Wednesday, January 5, 2011

A Change of Face

In my writings for my books, and my blog I have dealt with the fact that remembering people in my memories is not the easiest of things. The question is then, how do I deal with it when people change their appearance? The answer occurred to me on Christmas Eve.

My sister, nephew and I were at the Indianapolis International Airport waiting for my mom. Her flight was delayed, but once she got there and my sister said, "there she is" I kept looking for her. My sister saw her and was standing up, but I looked around as confused as could be.

She was there all right, but I didn't know her. Even though she was standing in front of me I was as cold as could be. It had been a year since I saw her and yet I was as cold as the weather outside (trust me, it was very cold). What happened? Why didn't I know her even though she was in front of me? The answer was she changed her hair.

I do know I don't remember people in my memories, but if someone is in front of me I will recognize them if they look like they did the last time I saw them. My mom's hair was much longer than I had ever seen it so I did not see her. Now, you ask, what does hair have to do with it? Once again I will break out a MS Paint diagram to explain:

This diagram is to prove two things. #1 is that I have minimal artistic abilities (this is up from when I said that I have no artistic ability) and the second, and most certainly more important, is where I see people. I learned this during my Sunglasses Experiment, but never equated it to remembering a person.

In this diagram I have illustrated where I am looking when in the presence of a person. The red box around the eyes is where I will look only if need be, or accident, and the blue boxes are the areas I am normally looking. Also, wherever I am looking, I am usually pinpointed in to minimize the amount of input I am seeing so if I am looking at the mouth I am ONLY seeing the mouth. If I am off to the sides then that is all that I am seeing. Because of this the change of hair and where I look it made it that I did not recognize my mom.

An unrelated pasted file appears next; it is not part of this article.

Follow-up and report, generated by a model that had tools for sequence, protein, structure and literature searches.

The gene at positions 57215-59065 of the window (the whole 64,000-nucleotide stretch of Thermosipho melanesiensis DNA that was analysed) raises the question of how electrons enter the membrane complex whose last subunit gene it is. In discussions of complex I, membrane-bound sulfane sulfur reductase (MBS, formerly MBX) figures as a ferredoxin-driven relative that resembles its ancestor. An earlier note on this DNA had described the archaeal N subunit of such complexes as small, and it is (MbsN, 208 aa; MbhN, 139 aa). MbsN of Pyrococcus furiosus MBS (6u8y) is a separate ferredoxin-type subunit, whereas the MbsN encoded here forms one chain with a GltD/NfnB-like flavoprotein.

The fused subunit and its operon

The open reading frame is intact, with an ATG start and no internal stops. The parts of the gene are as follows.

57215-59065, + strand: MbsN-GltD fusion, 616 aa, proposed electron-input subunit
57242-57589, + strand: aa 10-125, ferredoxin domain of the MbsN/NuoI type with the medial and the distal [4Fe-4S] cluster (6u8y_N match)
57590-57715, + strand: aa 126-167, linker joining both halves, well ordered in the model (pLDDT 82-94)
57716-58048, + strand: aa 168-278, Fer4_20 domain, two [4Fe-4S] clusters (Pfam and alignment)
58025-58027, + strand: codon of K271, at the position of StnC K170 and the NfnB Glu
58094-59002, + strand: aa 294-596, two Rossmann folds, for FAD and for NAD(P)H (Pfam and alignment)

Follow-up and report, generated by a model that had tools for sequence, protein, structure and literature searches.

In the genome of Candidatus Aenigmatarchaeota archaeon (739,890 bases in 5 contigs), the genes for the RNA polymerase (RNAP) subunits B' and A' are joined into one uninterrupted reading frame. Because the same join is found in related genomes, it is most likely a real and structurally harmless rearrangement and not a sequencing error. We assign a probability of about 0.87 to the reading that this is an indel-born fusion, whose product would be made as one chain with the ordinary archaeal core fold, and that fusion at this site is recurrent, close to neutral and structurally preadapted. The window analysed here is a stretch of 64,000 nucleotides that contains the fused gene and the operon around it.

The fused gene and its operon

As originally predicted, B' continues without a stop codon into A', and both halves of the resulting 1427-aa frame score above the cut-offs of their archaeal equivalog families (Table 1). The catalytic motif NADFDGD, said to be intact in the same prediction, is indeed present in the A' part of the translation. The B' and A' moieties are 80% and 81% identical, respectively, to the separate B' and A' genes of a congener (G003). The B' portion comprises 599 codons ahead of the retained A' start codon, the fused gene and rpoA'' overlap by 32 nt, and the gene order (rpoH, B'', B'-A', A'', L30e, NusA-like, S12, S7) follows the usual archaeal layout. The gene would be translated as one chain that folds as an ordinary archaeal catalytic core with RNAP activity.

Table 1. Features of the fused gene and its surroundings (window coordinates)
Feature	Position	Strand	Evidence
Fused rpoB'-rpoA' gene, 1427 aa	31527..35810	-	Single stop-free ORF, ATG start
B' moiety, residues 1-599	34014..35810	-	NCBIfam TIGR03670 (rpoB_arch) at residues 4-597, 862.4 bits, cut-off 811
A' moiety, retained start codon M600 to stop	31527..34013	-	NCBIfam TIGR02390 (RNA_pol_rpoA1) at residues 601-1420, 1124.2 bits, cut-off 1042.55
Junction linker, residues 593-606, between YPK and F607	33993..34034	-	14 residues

As we walked out of the airport I turned to her and said, "I don't know you." because that is how I felt. Over the course of the week this changed, but at that moment I was very confused.

I had this thought in my head about changes in appearance, but it wasn't until I returned home that I understood. You see, if being confused about one parent wasn't enough, my dad decided to grow a beard and as I walked into the house I was greeted with a person I didn't know yet again.

There are two sides to this as I know Emily would change her hair and I would not notice. This system of where I look varies by person and her changes in hair weren't that drastic. Minute changes may not register, but if a change is drastic, and sudden, then I may get to the point that I don't recognize a person at all. Like most everything else on the spectrum there isn't much middle ground. It is all or nothing.

I want to do more thought on this and will probably write a chapter for my 4th book along these lines. I wish I would have known this during my Sunglasses Experiment to see if that made a difference. In any event I feel this is a very important trait that families should understand because if a person does change their appearance and the person on the spectrum doesn't recognize the new appearance, well, as I said to my mom, "I don't know you."

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1 comment:

  1. You know, nobody's stopping you from using your sunglasses to figure this out again. Having had a sunglasses experiment doesn't mean you can't try anything with it anymore when the experiment is over. It's your experiment, you can start it up again any time you like.